Unintended consequences are perhaps the only certainty in any IT project. So it was for UK distribution and retail company Nisa when it moved to an online order processing system in 2007.
This system allowed its retailer customers to order stock through their electronic point of sale (ePOS) systems, which triggered a change in their ordering behaviour.
“Before we introduced the online systems, when retailers were placing orders through mobile handsets, we would receive orders from 8am through to 1pm, which is our cut- off point,” explains head of IT David Morris.
“Once the online system was in place, we found that the retailers would wait until just before the cut-off point before placing an order. That meant they could wait to see if they were running out of milk or bread, and wouldn’t have to place a blind order at eight in the morning.”
With 4,500 retail outlets in Nisa’s distribution network, this led to a spike of load on the order processing system just before 1pm. This adversely affected the performance of the system – which is based on Oracle’s database infrastructure and a bespoke .NET front-end – just when the customers needed it most. What’s more, the system would occasionally crash.
At the time, Morris says, Nisa couldn’t tell exactly what was causing the performance degradation. “We needed to understand what impact this heavy traffic was having – whether it was affecting the application or the database, or something else,” he recalls. “At the time, we were blind to what the issue was.”
Nisa’s development partner suggested that it try an application performance management solution to diagnose the problem, and Morris eventually selected dynaTrace from Compuware.
This allowed Morris and his staff to analyse the performance of the overall order processing system from a number of angles, including the user experience, the actual code of the application and the flow of traffic through the system and its back- end infrastructure.
One of the most immediate issues that this identified was the fact that the web servers supporting the system were all configured differently. This allowed Nisa’s IT team to test each configuration to find which was optimum, and roll that out across the other servers.
“It also taught us that there was some code, particularly with database-heavy transactions, which needed performance tuning and identified where the performance overhead was occurring,” says Morris. This revealed that it was not necessarily the act of placing an order that was slowing the system down, but additional functionality Nisa had added to make recommendations when certain items were out of stock.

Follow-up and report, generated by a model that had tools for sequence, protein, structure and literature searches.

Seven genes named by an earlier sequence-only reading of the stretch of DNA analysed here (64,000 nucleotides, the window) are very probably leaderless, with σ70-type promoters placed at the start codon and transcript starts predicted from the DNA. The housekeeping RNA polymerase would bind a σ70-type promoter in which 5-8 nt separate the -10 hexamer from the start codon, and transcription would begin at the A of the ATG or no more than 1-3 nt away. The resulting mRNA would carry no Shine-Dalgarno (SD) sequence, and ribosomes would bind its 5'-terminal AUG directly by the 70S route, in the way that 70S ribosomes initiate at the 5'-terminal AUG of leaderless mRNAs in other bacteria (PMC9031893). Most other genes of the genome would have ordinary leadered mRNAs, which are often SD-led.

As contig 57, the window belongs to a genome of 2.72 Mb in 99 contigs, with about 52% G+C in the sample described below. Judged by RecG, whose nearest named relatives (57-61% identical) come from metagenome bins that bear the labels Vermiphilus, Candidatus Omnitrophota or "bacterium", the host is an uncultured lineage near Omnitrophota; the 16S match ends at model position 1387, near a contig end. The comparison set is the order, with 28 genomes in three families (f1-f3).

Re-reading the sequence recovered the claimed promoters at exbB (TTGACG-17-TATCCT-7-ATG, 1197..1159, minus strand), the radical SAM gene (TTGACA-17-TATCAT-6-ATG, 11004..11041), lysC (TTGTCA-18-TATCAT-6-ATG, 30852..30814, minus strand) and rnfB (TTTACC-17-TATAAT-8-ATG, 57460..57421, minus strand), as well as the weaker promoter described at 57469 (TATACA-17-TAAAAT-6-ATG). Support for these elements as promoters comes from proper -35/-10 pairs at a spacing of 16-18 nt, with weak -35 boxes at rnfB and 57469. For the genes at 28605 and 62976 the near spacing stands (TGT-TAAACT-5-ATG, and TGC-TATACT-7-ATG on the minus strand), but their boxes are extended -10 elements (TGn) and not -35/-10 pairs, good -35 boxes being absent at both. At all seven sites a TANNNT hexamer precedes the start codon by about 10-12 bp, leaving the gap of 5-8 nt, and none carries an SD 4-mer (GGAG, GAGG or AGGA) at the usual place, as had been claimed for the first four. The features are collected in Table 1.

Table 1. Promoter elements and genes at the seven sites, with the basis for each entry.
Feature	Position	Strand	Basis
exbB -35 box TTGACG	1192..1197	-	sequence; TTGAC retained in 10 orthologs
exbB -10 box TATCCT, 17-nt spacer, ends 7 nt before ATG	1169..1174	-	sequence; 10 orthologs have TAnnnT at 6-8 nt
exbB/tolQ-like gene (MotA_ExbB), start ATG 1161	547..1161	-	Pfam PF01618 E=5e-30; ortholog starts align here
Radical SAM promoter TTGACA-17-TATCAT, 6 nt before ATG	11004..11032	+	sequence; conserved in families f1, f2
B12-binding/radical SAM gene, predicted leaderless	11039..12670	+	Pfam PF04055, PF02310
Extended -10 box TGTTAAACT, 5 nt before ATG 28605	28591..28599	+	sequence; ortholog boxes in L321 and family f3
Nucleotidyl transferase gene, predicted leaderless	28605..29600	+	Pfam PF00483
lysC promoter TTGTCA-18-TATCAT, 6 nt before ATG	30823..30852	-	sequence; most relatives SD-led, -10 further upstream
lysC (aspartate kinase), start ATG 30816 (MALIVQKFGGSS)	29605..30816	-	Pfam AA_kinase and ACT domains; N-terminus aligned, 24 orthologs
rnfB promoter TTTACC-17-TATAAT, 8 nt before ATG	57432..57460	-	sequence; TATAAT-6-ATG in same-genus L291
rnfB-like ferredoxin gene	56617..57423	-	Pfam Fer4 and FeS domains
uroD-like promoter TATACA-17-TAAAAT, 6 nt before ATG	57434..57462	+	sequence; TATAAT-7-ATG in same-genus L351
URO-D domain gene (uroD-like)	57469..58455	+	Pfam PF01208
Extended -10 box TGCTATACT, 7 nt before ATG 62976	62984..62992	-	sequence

The dynaTrace system made specific recommendations as to how the code could be improved, and these were implemented by Nisa’s development partner.
“The 80/20 rule very much applied here,” explains Morris. “dynaTrace made a number of suggestions, but there were just a few that addressed a significant proportion of the performance issues.”
In all, the changes that Nisa made after using dynaTrace led to a 46% improvement in the user experience of the system, as measured by speed and responsiveness.
Since making the changes, Nisa has seen a 20% increase in the volume of transactions on the system. While it is impossible to divine exactly how much of this increase is due to organic growth, and how much is due to improved performance, Morris says, “I think it’s fair to assume that having a better- performing system is paying dividends.”
Nisa now uses dynaTrace as a day-to-day tool in its operations and development work. “We see it as part of our performance management toolset now,” says Morris. “We have an internal test team, and every day someone will spend some time looking at dynaTrace to make sure everything is rosy.”
Using the tool, he adds, has increased the IT organisation’s confidence that it can roll out new functionality without a hitch: “It’s improved our ability to deliver something once and for it not to have any issues.”